After the issue of this battle, so great a terror seized Tarquin and the Etrurians, that both the armies, the Veientian and Tarquinian, giving up the matter as impracticable, departed to their respective homes.
They annex strange incidents to this battle, —that in the silence of the next night a loud voice was emitted from the Arsian wood; that it was believed to be the voice of Silvanus: these words were spoken, “that more of the Etrurians by one1
had fallen in the battle; that the Roman was victorious in the war.”
Certainly the Romans departed thence as victors, the Etrurians as vanquished. For as soon as it was light, and not one of the enemy was now to be seen, P. Valerius the consul collected the spoils, and returned thence in triumph to Rome.
His colleague's funeral he celebrated with all the magnificence then possible. But a far greater honour to his death was the public sorrow, singularly remarkable in this particular, that the matrons mourned him a year,2
as a parent, because he had been so vigorous an avenger of violated chastity.
Afterwards the consul who survived, so changeable are the minds of the people, from great popularity, encountered not only jealousy, but suspicion, originating in an atrocious charge.
Report represented that he aspired to the crown, because he had not substituted a colleague in the room of Brutus, and was building a house on the summit of Mount Velia, that there would be there an impregnable fortress on an elevated and well-for- [p. 88]
When these things, thus circulated and believed, affected the consul's mind with indignation, having summoned the people to an assembly, he mounts the rostrum, after lowering the fasces. It was a grateful sight to the multitude that the insignia of authority were lowered to them, and that an acknowledgment was made, that the majesty and power of the people were greater than that of the consul.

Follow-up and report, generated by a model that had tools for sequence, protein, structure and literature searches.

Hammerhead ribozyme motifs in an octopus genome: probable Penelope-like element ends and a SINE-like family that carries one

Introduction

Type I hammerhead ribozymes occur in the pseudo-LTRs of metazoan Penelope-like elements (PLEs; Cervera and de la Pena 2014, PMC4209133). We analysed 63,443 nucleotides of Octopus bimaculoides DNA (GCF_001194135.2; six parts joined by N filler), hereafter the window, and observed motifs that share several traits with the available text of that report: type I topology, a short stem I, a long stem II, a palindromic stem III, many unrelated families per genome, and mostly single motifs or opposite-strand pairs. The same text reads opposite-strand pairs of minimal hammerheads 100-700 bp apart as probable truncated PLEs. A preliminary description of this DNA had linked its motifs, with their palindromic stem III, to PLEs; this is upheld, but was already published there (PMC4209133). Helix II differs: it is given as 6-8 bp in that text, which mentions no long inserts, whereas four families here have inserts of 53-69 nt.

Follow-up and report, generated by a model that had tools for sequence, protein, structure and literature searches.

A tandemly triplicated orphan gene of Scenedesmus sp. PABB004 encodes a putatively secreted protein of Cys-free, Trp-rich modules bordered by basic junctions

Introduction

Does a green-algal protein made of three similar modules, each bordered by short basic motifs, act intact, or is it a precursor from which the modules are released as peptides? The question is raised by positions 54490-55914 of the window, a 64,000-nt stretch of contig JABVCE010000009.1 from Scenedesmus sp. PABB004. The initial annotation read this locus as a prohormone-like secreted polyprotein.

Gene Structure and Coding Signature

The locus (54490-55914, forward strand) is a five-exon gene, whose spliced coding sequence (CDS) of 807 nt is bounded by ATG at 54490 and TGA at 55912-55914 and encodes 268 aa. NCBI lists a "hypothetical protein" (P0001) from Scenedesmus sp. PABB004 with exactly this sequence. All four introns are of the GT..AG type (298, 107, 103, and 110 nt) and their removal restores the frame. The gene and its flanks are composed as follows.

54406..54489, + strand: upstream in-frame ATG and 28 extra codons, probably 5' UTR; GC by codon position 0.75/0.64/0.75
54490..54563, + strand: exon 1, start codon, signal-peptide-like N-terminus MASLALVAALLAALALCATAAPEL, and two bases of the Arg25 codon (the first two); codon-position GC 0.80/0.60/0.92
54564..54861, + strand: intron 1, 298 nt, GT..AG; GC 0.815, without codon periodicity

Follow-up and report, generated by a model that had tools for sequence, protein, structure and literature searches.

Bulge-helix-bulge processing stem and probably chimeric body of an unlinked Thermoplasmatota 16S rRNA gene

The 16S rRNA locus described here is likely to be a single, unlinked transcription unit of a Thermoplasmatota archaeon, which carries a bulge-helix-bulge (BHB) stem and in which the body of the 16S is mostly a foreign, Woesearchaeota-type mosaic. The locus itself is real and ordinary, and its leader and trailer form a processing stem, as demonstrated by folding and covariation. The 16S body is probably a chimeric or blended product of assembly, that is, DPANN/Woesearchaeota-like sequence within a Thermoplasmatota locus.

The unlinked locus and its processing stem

When they were called to silence, Valerius highly extolled the good fortune of his colleague, “who after delivering his country had died vested with the supreme power, fighting bravely in defence of the commonwealth, when his glory was in its maturity, and not yet converted into jealousy. That he himself, having survived his glory, now remained as an object of accusation and calumny; that from the liberator of his country he had fallen to the level of the Aquilii and Vitellii.
Will no merit then, says he, ever be so tried and approved by you, as to be exempted from the attacks of suspicion. Could I apprehend that myself, the bitterest enemy of kings, should fall under the charge of a desire of royalty?
Could I believe that, even though I dwelt in the very citadel and the Capitol, that I could be dreaded by my fellow citizens? Does my character among you depend on so mere trifle? Is my integrity so slightly founded, that it makes more matter where I may be, than what I may be.
The house of Publius Valerius shall not stand in the way of your liberty, Romans; the Velian mount shall be secure to you. I will not only bring down my house into the plain, but I will build it beneath the hill, that you may dwell above me a suspected citizen. Let those build on the Velian mount to whom liberty is more securely intrusted than to P. Valerius.”
Immediately all the materials were brought down to the foot of the Velian mount, and the house was built at the foot of the hill where the temple of Victory now stands.